her Fleetwood Mac success. It includes her British hit single version of Etta James' "I'd Rather Go Blind."
By 1970, John and Christine got tired of their separate careers causing them to pass each other in hallways, suitcases in hand. Chris had done some
uncredited. vocal work as well as the cover art for Fleetwood Mac's Kiln House album,
and now she formally joined the band.
As a member of Fleetwood Mac, she began to write music for the first time. Beginning with "Show Me A Smile" from the Future Games album, she has contributed
a lengthy string of pop gems to the band's repertoire, including some of its biggest hits, "Over My Head," "Say You Love Me," "You Make Lovin' Fun," "Don't
Stop," "Think About Me,". "Hold Me" and "Love In Store," among others. It was only
with the band's 1982 Mirage album that Christine began to seriously collaborate with other songwriters on her
compositions, and with her new solo album, she made it a must.
"I find that writing with someone else gives a different direction to my
writing," she explains. "It also seems to lift me out of my own insecurity as a
songwriter when there are a few more ideas floating around from someone else." Besides collaborating with Sharp, McVie also went to England twice
during the recording to write and .record with old friend .Steve Winwood.
"I've known Steve for about 20 years, and his always been my idol," says McVie. "Of all
the people I've ever wanted to sing with, he's the optimum choice."
McVie stayed at Winwood's house in Gloucester where he has a brand new studio in a converted barn, and together they wrote "Ask Anybody," a subtle bluesy
number on which she sings .lead and Mick Fleetwood plays drums. While working together, Winwood heard "One In A Million," a McVie-Sharp tune from the album,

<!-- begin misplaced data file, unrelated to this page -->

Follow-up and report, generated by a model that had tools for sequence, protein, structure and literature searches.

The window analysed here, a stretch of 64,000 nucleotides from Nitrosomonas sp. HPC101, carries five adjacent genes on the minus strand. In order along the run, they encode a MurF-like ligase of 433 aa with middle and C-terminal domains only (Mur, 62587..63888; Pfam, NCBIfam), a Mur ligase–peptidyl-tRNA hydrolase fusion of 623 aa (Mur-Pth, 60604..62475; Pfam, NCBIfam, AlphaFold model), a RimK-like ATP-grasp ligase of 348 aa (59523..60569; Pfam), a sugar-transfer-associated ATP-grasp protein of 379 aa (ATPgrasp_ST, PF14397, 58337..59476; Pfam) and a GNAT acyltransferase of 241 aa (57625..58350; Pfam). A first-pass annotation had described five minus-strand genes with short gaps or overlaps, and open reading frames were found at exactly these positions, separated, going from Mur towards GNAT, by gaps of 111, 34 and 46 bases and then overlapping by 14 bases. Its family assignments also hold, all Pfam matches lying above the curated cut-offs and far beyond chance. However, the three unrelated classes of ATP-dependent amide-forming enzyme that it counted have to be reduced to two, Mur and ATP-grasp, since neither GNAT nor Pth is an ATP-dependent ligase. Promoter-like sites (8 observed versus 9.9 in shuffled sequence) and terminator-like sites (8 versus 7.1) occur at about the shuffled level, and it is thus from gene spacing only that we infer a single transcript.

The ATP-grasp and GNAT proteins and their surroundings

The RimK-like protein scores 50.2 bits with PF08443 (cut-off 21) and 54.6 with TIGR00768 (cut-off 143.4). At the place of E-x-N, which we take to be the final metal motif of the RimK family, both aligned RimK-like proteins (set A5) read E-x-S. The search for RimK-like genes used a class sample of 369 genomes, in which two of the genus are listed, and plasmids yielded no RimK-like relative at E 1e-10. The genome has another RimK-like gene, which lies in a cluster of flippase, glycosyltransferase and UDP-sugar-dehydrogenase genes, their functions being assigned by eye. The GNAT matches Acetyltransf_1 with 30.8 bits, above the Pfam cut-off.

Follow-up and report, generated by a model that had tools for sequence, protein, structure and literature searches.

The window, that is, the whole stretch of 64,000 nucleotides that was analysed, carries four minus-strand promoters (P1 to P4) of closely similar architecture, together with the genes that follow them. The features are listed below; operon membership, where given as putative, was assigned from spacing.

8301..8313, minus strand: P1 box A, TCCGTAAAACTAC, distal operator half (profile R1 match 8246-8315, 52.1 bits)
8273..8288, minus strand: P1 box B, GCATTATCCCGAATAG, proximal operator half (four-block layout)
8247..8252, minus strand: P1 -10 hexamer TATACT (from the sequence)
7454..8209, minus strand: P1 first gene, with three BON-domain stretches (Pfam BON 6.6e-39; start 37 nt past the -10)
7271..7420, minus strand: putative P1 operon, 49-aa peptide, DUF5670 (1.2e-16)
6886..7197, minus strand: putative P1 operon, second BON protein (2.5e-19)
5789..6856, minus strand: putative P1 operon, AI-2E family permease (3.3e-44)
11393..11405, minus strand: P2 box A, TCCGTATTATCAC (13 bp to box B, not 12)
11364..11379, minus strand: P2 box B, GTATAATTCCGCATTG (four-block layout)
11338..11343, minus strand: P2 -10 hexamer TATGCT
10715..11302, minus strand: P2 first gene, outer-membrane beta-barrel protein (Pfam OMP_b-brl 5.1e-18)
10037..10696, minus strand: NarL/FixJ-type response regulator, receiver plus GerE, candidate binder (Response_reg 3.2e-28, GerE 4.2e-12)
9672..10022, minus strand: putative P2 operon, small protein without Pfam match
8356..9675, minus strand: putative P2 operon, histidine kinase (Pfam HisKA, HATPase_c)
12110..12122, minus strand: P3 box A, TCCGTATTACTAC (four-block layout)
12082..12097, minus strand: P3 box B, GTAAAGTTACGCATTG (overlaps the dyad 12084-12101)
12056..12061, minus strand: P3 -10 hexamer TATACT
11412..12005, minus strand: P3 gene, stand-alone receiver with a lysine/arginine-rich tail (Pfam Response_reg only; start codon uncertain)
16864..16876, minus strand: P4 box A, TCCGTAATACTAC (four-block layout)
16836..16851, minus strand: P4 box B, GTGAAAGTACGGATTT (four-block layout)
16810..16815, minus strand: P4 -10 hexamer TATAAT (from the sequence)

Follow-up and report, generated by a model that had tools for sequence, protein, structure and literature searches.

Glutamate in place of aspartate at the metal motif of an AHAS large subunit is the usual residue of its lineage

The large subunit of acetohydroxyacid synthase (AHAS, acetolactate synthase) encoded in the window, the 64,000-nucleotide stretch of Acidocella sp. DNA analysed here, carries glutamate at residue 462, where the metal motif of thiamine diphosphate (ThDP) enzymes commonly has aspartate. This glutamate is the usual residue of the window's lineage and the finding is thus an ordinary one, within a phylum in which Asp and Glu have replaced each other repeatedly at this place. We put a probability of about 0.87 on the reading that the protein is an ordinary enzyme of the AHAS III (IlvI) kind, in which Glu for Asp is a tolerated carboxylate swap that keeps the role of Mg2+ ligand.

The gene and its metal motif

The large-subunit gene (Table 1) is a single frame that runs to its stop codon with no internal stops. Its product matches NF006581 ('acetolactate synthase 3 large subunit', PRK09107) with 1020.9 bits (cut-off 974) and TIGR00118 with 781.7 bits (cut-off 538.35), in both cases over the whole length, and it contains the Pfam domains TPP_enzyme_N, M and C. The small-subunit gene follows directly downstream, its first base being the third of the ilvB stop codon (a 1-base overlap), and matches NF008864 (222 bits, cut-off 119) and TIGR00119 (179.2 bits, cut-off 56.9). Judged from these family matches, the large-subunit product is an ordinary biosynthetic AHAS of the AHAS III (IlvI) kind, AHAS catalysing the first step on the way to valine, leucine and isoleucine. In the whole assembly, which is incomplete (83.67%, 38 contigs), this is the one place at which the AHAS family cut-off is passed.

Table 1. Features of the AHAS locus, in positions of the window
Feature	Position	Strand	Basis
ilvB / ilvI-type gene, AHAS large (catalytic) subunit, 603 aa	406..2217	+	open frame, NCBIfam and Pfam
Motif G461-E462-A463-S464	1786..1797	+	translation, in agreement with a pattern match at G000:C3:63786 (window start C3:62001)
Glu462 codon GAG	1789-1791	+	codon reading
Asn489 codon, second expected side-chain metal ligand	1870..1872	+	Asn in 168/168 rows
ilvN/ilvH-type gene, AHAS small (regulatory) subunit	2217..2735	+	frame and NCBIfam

and asked to sing on it. The finished version is a sultry duet.
The Mac's Lindsey Buckingham is heard playing guitar on "The Smile I' Live-For,"
the albums one true ballad, and Ray Cooper, best known for his work with Elton John, added percussion in various places. And when Eric Clapton asked, "So
what am I going to do on your record?", Christine assigned him the guitar solo on "The Challenge," a song named for now-ex-husband John McVie's boat. "John
and Eric started out in John Mayall's Bluesbreakers together so it was kind of a
nice connection. there," she says.
The Christine McVie album will surprise many who have taken Fleetwood Mac's earthy blonde, imprisoned behind-a wall of keyboard equipment, for granted
these many years. The album showcases her strengths as .a singer, a songwriter and as a musician in one neat package. "It's a very up, rock n' roll record,"
says Christine, "more gutsy than people would expect from me. The lyrics and songs are very happy and positive. They're not the love-lost, miserable-type
songs that I'm accused of writing all the time. I'm proud of this record because I know I've done my very best on it."
Excerpts from Christine McVie Interview, December 9, 1983
Q: What was it like to record in Montreux?
A: It was hardly atypical studio in that it was in a casino. It was in a big,
multi-purpose building with a disco in it, a strip club, two bars, a casino, a restaurant and a coffee shop, and the studio. There was a side door to
get directly into the studio, or you could walk through the casino to get to it. Everything you could want was right there in one building.
During the first part of the stay in Montreux we lived in a hotel that was literally within walking distance. Montreux is a really small place,
overlooking a beautiful lake, Lake Leman, with the Dents-du-Midi mountain range on the other side going all the way around. It's a breathtaking sight.
When we first got there it was summer, and surprisingly humid and hot. You could not wear anything hue shorts and a tee-shirt to work. Then we watched
the seasons change, and by the time we left, all the leaves had turned
completely. And we saw the snow level coming down the mountains by the day.
It was a short drive to Italy and to France. I loved it there. I treated being away from home as an adventure. I learned that lesson from Mick. He
took himself off to Ghana, and I thought I .should get an unusual working environment too.
Of course, we were in a bit of a bubble in Montreux. We didn't have any distractions. We recorded a lot of the basic tracks in the big hall where
they hold the Montreux Jazz Festival, and we got some great live drum sounds in there. The big hall was enormous, and we only had half of the room. We